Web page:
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Starrett goes private

The lower class pay zero Federal Income Tax. They have no tax burden. In fact the bottom 50 %. Did you process that? The bottom FIFTY PERCENT. HALF THE POPULATION. Pay ZERO Federal Income tax. Many get a negative tax. It's called the Earned Income Tax Credit. It's free money from the rest of us to people who pay zero taxes.
Just curious, what does this have to do with a measuring tool company?
 
Just curious, what does this have to do with a measuring tool company?
Not much, but if you want to understand postings, you have to go back and read the entire thread. Threads take on a life of their own and often wander to side issues. Just like if you are in a bar drinking with friends and chewing the fat.
 
Watchd The vid......doesnt seem very hopeful to me ..........unless everyone got the day off ,then there were only a handfull of workers .....one robot ,as far as I could see ......and other production in small lots on manual machines.
 
This plant is pretty big, so even though it's sparsely populated there's a lot going on over all. I spent almost 4 hours walking around the complex and didn't even see most of the areas shown in this video. A realtime display of metrics I think said that this specific plant brought in $5M the month I was there.

I guess theoretically the company could move to a smaller campus and pour a bunch of money into fancy new machines, but I'm not sure that would work any better for their very broad mix of products. They'd waste oodles of time on setup for each part, not to mention all the risk and cost inherent in a move. Some of the "manual" machines are in fact automated, like I saw an old "manual" horizontal mill running lights out because they had rigged it up with air cylinders, autofeed, and a robot for unloading. It was doing 1 op on a tiny bracket for inside a dial indicator. It will be interesting to see how the new owner approaches this.

One thing I didn't realize before touring is that they seem to make a significant number of custom gages, micrometers, and indicators like for checking ice cream container lids and turbine blades.

There's something to be said for being an old company with a fairly static line of products where you're making money on a facility, equipment, and engineering that's already paid for. Probably also a nice place to work since you get some space.
 
There's something to be said for being an old company with a fairly static line of products where you're making money on a facility, equipment, and engineering that's already paid for.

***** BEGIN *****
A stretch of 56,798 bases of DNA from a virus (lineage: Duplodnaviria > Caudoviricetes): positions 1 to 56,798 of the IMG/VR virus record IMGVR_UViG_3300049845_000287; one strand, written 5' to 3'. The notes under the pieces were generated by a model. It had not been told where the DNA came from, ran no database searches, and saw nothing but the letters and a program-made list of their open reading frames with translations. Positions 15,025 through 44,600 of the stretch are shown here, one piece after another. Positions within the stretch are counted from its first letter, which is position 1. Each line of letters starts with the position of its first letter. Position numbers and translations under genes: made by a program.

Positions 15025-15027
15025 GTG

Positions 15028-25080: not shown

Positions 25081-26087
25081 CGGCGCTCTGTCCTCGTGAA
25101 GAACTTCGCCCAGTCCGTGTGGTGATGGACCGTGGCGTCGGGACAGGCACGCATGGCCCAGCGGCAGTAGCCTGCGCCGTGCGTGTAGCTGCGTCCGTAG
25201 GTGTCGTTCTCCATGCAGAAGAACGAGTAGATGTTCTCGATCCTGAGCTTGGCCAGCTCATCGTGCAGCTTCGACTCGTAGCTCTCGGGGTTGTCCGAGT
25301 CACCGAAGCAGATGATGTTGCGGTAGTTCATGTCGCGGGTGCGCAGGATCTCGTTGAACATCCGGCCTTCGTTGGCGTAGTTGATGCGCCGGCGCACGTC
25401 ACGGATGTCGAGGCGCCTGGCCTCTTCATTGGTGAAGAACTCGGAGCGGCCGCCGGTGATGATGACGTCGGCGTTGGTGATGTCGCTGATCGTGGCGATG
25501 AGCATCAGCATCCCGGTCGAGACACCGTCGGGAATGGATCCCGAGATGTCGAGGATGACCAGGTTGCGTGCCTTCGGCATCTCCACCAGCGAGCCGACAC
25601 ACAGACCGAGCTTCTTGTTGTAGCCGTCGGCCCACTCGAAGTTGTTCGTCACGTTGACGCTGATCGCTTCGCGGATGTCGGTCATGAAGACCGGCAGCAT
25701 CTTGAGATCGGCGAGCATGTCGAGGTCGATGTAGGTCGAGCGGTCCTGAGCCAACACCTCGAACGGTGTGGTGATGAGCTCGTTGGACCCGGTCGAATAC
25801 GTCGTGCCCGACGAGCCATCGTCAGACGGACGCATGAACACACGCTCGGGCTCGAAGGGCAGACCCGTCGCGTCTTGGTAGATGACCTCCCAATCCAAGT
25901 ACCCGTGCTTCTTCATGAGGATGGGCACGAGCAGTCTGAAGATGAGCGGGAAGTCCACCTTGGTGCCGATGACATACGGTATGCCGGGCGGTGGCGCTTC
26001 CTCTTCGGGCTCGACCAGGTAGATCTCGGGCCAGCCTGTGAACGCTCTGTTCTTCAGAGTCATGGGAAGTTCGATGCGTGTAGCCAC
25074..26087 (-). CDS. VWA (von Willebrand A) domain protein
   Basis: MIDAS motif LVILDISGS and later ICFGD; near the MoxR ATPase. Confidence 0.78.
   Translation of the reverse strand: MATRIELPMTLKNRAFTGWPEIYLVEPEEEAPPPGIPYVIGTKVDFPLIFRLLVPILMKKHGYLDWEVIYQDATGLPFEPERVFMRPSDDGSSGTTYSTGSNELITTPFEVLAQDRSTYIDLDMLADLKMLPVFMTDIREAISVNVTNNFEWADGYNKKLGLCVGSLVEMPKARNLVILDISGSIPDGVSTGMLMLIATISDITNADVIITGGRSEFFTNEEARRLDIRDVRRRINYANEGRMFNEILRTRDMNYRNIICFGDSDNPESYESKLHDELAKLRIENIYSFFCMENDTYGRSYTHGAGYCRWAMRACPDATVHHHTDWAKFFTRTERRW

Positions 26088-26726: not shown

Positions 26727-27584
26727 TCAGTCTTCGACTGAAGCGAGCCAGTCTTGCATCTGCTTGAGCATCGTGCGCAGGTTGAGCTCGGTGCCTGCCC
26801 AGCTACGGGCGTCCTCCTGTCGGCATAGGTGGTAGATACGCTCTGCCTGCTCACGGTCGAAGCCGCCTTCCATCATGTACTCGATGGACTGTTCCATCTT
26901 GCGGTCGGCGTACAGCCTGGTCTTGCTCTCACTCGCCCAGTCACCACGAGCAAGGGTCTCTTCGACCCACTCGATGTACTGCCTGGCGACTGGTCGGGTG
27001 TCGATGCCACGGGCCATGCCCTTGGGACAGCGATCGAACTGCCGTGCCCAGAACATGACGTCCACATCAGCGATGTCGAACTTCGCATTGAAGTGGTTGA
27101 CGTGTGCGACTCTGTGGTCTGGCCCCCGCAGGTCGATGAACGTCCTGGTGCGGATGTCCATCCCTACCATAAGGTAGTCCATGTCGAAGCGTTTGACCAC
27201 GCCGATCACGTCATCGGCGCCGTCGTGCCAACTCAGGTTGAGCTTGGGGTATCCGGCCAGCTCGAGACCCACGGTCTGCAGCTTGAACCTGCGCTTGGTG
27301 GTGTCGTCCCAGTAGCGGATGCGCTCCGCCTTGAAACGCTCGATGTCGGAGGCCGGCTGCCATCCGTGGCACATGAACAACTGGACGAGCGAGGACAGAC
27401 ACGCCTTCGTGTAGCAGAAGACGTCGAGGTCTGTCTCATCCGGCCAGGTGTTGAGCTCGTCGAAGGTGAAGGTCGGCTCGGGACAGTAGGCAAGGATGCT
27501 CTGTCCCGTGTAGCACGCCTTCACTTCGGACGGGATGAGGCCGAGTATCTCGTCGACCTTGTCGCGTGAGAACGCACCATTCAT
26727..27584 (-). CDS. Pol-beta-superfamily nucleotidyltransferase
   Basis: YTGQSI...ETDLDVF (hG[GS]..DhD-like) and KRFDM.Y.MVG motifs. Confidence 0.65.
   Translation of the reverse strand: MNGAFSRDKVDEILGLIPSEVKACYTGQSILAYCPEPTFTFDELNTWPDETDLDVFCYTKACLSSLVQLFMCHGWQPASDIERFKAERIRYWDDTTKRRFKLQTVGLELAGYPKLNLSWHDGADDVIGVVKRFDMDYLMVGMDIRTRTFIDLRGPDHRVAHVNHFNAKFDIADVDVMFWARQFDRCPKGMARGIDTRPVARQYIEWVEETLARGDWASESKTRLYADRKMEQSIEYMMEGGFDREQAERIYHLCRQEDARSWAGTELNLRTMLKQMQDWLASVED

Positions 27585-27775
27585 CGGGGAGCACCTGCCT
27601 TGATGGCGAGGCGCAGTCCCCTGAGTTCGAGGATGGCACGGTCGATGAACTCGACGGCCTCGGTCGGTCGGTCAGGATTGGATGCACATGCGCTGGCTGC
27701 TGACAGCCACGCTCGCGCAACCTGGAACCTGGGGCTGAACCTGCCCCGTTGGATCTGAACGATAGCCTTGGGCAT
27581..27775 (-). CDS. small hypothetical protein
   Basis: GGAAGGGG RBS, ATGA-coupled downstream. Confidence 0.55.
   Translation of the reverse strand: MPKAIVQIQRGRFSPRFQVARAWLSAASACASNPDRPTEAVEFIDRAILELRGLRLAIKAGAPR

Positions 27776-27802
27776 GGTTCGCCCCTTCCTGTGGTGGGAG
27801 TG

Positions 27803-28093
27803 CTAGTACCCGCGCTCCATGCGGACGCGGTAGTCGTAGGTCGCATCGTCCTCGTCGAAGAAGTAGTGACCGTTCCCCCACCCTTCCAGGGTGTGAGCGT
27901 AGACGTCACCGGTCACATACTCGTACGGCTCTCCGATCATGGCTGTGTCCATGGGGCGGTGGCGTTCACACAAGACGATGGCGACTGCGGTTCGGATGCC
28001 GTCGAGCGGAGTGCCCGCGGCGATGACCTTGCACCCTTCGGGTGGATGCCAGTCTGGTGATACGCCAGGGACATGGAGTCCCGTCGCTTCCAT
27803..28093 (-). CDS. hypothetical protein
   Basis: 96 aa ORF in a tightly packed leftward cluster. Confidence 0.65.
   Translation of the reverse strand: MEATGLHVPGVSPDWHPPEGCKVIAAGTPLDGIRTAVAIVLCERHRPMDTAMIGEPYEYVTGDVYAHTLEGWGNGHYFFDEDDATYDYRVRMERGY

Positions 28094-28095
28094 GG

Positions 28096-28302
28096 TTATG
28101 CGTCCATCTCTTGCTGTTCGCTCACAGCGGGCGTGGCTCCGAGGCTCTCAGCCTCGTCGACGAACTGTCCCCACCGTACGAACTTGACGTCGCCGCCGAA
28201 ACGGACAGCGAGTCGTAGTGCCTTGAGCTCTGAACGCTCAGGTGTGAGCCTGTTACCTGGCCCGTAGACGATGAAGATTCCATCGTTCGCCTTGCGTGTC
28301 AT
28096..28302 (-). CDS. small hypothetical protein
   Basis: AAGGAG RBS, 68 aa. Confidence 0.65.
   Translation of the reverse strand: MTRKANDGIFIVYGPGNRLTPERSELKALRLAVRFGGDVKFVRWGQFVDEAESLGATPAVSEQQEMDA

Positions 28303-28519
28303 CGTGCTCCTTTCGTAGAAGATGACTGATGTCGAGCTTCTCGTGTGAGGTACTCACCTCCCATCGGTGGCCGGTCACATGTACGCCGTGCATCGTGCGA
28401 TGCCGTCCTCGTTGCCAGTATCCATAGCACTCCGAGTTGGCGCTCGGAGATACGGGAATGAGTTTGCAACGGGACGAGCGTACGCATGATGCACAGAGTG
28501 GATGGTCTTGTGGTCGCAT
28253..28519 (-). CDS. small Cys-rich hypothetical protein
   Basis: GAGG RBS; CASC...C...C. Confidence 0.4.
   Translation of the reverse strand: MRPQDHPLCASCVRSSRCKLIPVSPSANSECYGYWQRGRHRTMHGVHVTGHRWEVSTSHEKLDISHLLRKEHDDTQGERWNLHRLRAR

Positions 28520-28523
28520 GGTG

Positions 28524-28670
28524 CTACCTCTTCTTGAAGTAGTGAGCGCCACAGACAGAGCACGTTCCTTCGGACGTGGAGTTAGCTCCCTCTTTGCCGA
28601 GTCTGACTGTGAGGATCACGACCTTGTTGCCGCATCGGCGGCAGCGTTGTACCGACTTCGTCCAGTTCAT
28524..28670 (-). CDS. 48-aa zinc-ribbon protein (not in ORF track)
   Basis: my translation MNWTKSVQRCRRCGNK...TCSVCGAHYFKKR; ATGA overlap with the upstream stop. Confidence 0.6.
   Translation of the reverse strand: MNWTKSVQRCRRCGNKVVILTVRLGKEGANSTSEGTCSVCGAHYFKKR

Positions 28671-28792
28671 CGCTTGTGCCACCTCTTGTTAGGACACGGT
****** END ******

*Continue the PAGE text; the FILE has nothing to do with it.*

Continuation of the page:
Not to wall street, unfortunately. I'm not sure why they would ever be a public company, then being sold to a bunch of tomb raiders is .... well, we've seen that show before.

Nice video tho. It was interesting that everyone working there is also an antique :-) and they don't seem to be in a big rush, volume must be pretty low .... athole must be pretty small because if those buildings were in any larger city, starrett would have been put in the grave years ago and those buildings either torn down or remodelled into some sort of tourist trap-slash-upscale yuppy wine bar/restaurant/health club complex. The property is worth a lot more than the company.

Uh-oh.
 
It was interesting that everyone working there is also an antique :-)
Yeah I met several guys who've been there 3 or 4 decades, but also some youngsters in their 20's or 30's.
and they don't seem to be in a big rush, volume must be pretty low
Right: about $5M / month it seems.
.... athole must be pretty small because if those buildings were in any larger city, starrett would have been put in the grave years ago
It's a town of 9,000. Maybe in another hundred years the wine bar pet spa lofts will be a good idea. Until then it seems like they're going to have to make money in a grittier way.
 
It's a town of 9,000. Maybe in another hundred years the wine bar pet spa lofts will be a good idea. Until then it seems like they're going to have to make money in a grittier way.
I hope so. To a lot of us here, this is the kind of thing that makes a worthwhile society.

And then there's others who believe in money money money, nothing else matters. Unfortunately ....
 
I hope so. To a lot of us here, this is the kind of thing that makes a worthwhile society.

And then there's others who believe in money money money, nothing else matters. Unfortunately ....

You got me curious, and so I looked up the private equity company that bought Starrett. They're from Kentucky and by the looks of it they're into manufacturing:

https://middleground.com/companies/
 
by the looks of it they're into manufacturing: